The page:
Beware of Correlation

Correlation does not imply causation.” If you’re into “cyberwar” read and repeat this three times.

When it comes to internet-based attacks, such as the recent DDoS attacks against in South Korea and the U.S., questions arise regarding the identity and motivations of those responsible for the attacks. Because attribution is difficult, if not close to impossible, in these types of cases speculation based on correlated events tends to overshadow a cautious, evidence-based approach.

This case had all the right ingredients: attacks on South Korean and U.S. governmental sites timed on July 4th with Independence Day and the availability of a convenient adversary, North Korea, which had just test fired short range missiles a day earlier.

It didn’t take long for North Korea to emerge as the suspect, in part, thanks to the South Korea’s National Intelligence Service which told the NYT that the attack “was not a simple attack by an individual hacker, but appears to be thoroughly planned and executed by a specific organization or on a state level.” Rumours of North Korean involvement circled in the South Korean media. The WP reported on previous reports of a North Korean cyberwarfare unit. Thousands of headlines such as “North ‘ordered crippling cyber-attacks‘” and “North Korea launched cyber attacks, says south” later we were caught up in a cyberwar frenzy.

Taking the “hype-ster” prize was Nicholas Eberstadt, a senior fellow at the American Enterprise Institute:

“The cyber attacks are part of an asymmetric warfare strategy,” says Nicholas Eberstadt, senior fellow at the American Enterprise Institute in Washington. “Part of an effective confrontation with the US war machine would be the ability to disable US information [systems].”

Mr. Eberstadt sees the cyber attacks as an integral component of North Korean testing of atomic devices on May 25 and in October 2006, as well as a recent flurry of tests of missiles that may one day be able to carry nuclear warheads.

“They may look like malicious cyber pranks,” he says, “but the greater purpose is clear. When one looks at the nuclear chessboard, their security is integrally tied to this type of warfare.” In order to launch a nuclear-tipped missile, he says, the North Koreans need a cyber warfare component in their arsenal.

However, I think that at least some of the hype was curtailed thanks to an early an strong sense of caution put forward by some experts. These people saw through the hype and focused on the facts:

Jose Nazario, quoted in the NYT:

“I would call this a garden-variety attack,” said Jose Nazario, manager of security research at Arbor Networks, a network security firm that is based in Chelmsford, Mass… “The code is really pretty elementary in many respects,” he added. “I’m doubting that the author is a computer science graduate student.”

Amit Yoran in the WP:

Yoran, “the North Korean angle should be highly suspect until we have more evidence, which is probably going to take weeks to play out.”


First we have seen no evidence to point a finger at North Korea. How could we tell anyway without an extensive investigation and access to all kinds of logs and other data? Unless someone has a lot of extra information, this has to be pure wild speculation as well. Cyberwar? NO way! The term Cyberwar gets thrown around all the time. It’s hard to define and everyone has differing views. However, I would venture to say this is far from what most people would call a Cyberwar. It is a bit closer to Cyber Terrorism but definitely not Cyberwar.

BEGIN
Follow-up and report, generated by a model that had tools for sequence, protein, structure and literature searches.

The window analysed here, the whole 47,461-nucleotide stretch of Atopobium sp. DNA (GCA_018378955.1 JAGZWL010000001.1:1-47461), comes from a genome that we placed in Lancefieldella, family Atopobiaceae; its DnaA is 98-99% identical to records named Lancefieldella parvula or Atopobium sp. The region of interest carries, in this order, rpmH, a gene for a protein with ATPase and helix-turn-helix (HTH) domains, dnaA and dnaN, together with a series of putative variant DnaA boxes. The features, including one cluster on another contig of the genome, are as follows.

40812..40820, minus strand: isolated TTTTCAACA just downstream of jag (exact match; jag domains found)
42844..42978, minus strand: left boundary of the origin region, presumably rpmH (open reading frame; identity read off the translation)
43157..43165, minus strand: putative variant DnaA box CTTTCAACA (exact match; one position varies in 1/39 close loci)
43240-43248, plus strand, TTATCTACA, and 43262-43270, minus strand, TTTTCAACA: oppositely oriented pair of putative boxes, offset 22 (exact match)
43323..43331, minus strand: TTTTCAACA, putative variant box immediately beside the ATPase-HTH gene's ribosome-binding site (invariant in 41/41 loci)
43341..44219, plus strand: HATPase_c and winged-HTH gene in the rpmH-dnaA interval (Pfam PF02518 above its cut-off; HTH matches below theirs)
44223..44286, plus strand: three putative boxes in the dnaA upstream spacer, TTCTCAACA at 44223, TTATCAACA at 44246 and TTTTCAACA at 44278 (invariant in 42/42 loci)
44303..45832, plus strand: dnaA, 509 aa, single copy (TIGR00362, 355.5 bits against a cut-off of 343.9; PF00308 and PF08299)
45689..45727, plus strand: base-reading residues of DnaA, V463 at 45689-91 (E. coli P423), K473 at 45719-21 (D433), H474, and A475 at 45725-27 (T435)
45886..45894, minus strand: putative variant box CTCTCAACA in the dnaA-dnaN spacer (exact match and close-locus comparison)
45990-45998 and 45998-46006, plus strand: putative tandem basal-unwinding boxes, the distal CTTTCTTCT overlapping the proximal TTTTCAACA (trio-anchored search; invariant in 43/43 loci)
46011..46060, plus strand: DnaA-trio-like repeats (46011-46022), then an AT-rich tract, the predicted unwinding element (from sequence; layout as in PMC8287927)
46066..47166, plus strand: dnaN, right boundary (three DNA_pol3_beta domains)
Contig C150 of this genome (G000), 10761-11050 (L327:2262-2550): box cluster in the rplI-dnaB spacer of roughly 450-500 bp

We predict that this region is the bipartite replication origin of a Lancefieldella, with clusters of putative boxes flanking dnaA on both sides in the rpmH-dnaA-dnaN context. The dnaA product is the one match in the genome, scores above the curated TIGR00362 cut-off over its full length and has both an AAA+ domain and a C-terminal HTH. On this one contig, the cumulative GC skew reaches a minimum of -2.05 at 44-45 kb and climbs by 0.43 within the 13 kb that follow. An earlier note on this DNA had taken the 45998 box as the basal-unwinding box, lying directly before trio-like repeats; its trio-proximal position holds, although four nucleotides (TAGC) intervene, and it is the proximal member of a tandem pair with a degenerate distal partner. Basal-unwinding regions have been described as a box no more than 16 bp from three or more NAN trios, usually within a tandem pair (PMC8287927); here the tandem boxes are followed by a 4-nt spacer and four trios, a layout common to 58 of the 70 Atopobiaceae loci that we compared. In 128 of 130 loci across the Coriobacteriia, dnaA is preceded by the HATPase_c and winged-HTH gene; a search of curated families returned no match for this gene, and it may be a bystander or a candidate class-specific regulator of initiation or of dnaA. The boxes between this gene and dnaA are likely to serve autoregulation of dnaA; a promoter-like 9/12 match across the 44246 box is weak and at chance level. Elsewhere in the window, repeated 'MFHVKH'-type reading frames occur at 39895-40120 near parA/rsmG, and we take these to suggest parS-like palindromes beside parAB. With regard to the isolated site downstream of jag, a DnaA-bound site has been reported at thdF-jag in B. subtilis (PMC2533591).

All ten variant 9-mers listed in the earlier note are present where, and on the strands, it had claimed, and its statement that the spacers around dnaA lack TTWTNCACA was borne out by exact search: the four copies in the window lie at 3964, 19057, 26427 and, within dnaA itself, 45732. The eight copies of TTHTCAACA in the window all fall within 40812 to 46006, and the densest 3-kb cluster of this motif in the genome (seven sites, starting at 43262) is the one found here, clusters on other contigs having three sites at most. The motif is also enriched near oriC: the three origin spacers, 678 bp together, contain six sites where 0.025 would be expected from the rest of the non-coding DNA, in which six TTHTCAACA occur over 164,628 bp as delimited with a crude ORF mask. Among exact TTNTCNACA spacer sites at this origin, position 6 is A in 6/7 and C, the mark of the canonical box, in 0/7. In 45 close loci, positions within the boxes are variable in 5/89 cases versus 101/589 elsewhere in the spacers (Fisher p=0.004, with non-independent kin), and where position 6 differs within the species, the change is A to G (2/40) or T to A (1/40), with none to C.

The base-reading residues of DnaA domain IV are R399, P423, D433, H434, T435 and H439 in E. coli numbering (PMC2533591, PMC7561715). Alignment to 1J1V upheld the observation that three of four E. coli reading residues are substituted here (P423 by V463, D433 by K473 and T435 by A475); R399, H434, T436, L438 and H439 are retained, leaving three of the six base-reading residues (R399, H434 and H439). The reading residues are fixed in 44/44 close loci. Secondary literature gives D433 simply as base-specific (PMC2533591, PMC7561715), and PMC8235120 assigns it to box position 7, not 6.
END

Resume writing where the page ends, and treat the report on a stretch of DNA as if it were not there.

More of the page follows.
Gunter Ollmann of Damballa:

While a lot of the analysis is still ongoing – and likely to continue long after the public looses interest – I’ve come to the conclusion that this DDoS attack has very little to do with North Korea and only consipiritory theorists could conclude that this is a state-sponsored kick off to cyber-war.

Sure enough, the blame game changed and the UK was fingered as the “source” of the attacks.

Why? Because a Vietnamese security company “gained control ” of 2 of the command and control servers and found that the “master” control server had an IP address in a range assigned to the UK. The headlines changed: “British hackers claimed to be behind US and Korean attacks“. Really? Because the IP address of the control server correlated with a range assigned to the UK?

Locating sources of attacks, both the bots and the C&C’s, based on geographic location of the IP address and fusing it with biased correlations to determine the indentity of the attackers is not a very useful way for understanding internet-based attacks. According to Bkis (the guys who “acquired” two of the C&C’s) there were 166,908 zombies spread across 74 countries with South Korea, the USA, and China being the top three. What about the C&C’s? The dropper connects to three IP’s one in Germany, Austria and the USA. The malware also connected to IP’s in Turkey, USA, Pakistan, Mexico, Guatemala, Taiwan, Thailand and which is hosted in Turkey.

Luckily, none actually were in North Korea.

Geographic correlations are not irrelevant, but one must be cautious about jumping to conclusions. The same can be said for socio-polical events that happen to coincide with internet-based attacks. Finally, the “blame your enemy” reaction needs to be treated with an appropriate level of skepticism.

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